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Mastering the art of the previsit.
What's the single-most financially critical phase of patient interaction? No, it's not collections. It's actually the previsit. That's because the information you gather at this stage saves time and money at every step down the line through to payment. Doing it well is part of what we call preventive management, and it is one of the fundamental principles of the Unified Theory of practice management introduced in this column last month.
Claim problems get more expensive and less likely to be resolved the longer they go on. The concept of preventive management simply says that the most cost-effective approach is to detect and address problems as quickly as possible, and prevent them completely wherever possible.
The previsit phase, then, is all about prevention. If you know that you will be paid, how you will be paid, and what you will be paid for the visit before the patient arrives, you are well on the way to maximizing collection with minimal fuss. Specifically, good previsit procedures net benefits in four areas:
As you improve your ability to accurately forecast no-shows and other scheduling factors, your wait times are also going to improve.
In our experience, the average practice should be doing preauthorizations on 5.5 percent of its claims, and referrals for 27.5 percent of its claims. (These are difficult numbers to pin down precisely because guidelines can be somewhat hazy for certain payers. In any case, the percentages can be much higher, depending on the types of practice.)
PREVISIT BEST PRACTICES
So if previsit prep is so important, what are the best practices for previsit routines and procedures? Looking at the performance of thousands of practices across the country, we have identified the tips and tricks that work best to get patients to their appointments, on time, almost all of the time and with their paperwork and payments in line.
Previsit work breaks down into these areas:
We'll examine this complex topic in the fullness it requires next month. For now, it's sufficient to say that eligibility-related denials are the most common variety, and that previsit is the ideal time to establish eligibility.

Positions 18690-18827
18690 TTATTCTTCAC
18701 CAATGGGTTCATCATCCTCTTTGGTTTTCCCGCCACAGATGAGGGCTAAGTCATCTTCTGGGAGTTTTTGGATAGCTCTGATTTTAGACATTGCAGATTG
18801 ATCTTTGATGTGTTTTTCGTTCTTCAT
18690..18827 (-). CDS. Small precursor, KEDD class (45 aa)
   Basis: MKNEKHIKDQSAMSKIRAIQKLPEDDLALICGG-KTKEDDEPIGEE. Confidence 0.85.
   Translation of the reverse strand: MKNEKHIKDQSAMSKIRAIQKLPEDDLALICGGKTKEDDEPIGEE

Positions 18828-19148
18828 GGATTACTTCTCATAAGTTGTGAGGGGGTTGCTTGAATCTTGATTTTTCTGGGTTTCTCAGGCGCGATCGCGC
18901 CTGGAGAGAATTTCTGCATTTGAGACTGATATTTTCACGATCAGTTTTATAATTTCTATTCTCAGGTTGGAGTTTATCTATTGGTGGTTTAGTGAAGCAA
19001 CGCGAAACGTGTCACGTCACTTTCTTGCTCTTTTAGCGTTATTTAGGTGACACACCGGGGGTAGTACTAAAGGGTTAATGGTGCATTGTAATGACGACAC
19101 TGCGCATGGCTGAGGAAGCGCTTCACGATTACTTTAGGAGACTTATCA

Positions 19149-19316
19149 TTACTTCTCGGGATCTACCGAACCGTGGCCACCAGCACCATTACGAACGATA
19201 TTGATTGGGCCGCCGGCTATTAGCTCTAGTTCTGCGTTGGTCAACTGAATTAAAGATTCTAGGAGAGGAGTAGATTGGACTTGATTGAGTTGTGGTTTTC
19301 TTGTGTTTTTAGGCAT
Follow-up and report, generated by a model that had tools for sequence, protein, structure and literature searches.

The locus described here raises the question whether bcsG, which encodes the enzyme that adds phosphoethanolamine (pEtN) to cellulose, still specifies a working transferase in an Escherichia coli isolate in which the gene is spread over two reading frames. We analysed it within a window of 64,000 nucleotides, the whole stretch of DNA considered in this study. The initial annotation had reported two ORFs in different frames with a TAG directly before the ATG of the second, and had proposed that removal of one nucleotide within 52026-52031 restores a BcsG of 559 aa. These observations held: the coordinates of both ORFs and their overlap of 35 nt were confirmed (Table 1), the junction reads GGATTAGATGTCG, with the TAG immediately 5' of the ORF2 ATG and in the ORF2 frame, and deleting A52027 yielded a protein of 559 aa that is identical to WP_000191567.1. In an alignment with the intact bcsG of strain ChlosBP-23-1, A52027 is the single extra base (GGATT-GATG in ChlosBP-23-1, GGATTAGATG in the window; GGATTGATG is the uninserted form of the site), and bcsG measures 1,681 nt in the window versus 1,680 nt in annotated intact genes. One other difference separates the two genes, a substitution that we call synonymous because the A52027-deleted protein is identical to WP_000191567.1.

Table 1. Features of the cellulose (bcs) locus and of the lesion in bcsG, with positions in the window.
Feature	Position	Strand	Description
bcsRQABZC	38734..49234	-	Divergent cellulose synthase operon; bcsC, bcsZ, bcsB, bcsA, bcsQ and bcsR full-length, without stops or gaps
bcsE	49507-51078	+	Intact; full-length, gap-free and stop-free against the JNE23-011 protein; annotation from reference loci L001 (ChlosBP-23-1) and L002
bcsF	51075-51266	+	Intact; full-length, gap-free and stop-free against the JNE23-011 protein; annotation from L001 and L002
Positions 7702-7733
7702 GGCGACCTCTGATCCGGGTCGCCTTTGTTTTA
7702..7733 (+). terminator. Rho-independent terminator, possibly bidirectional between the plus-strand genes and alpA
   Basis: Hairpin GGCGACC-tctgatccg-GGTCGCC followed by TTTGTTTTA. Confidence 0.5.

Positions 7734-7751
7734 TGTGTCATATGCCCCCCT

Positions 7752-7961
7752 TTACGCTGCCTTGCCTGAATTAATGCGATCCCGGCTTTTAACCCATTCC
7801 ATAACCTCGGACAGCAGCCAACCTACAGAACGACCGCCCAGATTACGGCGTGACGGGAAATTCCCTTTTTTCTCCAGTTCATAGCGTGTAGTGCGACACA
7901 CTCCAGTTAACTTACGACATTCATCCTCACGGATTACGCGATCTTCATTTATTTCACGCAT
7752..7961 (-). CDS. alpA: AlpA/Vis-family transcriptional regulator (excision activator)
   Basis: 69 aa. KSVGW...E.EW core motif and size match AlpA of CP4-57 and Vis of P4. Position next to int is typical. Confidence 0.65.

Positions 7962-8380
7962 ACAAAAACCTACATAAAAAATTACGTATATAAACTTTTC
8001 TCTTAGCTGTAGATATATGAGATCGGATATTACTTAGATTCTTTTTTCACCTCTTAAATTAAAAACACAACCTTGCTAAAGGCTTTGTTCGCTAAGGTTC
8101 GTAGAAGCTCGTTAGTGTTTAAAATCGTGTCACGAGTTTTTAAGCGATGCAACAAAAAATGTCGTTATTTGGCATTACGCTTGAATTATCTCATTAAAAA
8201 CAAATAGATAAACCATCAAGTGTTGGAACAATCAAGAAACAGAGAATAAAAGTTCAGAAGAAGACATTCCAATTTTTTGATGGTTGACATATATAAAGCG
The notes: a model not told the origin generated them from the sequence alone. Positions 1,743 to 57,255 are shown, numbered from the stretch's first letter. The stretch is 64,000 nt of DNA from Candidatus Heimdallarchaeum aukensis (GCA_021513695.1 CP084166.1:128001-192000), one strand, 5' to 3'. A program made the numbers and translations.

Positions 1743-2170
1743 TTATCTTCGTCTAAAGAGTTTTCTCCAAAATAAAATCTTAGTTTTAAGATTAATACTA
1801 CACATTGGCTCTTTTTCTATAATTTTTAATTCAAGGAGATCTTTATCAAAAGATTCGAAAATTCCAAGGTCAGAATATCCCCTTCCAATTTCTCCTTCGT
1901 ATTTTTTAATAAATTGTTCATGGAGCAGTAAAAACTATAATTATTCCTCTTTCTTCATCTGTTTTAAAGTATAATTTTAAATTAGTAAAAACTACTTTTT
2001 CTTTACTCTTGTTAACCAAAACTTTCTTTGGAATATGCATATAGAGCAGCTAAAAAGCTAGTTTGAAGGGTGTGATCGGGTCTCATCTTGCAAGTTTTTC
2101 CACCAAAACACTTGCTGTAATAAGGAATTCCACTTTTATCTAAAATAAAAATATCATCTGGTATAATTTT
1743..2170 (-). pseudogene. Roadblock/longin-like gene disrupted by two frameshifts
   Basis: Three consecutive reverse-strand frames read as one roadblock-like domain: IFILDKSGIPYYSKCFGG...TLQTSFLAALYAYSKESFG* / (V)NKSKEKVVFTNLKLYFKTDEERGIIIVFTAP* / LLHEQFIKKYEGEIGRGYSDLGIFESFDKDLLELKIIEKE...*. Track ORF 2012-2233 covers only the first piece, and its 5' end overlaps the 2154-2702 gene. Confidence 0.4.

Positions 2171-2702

APPOINTMENT REMINDERS AND NO-SHOWS
Reminders can be a time-consuming process, but compared to the time wasted on no-shows and preventable collections activities alone, they are among the most cost-effective uses of staff-time.
Here are some tips for doing them right:
And here are some pointers for dealing with no-shows:
PREAUTHORIZATION AND REFERRAL
It is very important to develop, document, and enforce standardized policies and procedures for obtaining preauthorizations and referrals prior to a visit. These procedures will necessarily be customized to the unique circumstances of your patient and payer mix, but consider including the following:
Having a documented and standardized set of chart prep policies and procedures is also a critical success factor for improving your previsit readiness. As you develop your policies, consider including these:
Contacting all of your patients previsit will yield great rewards. Contact as many top-priority patients as possible in person and use postcards or technology for the rest.
Gavin Hoopes is engagement manager for athenahealth, a revenue cycle management company for medical practices whose database of billing information is the statistical basis for this series. He can be reached via email@example.com.
This article originally appeared in the March 2006 issue of Physicians Practice.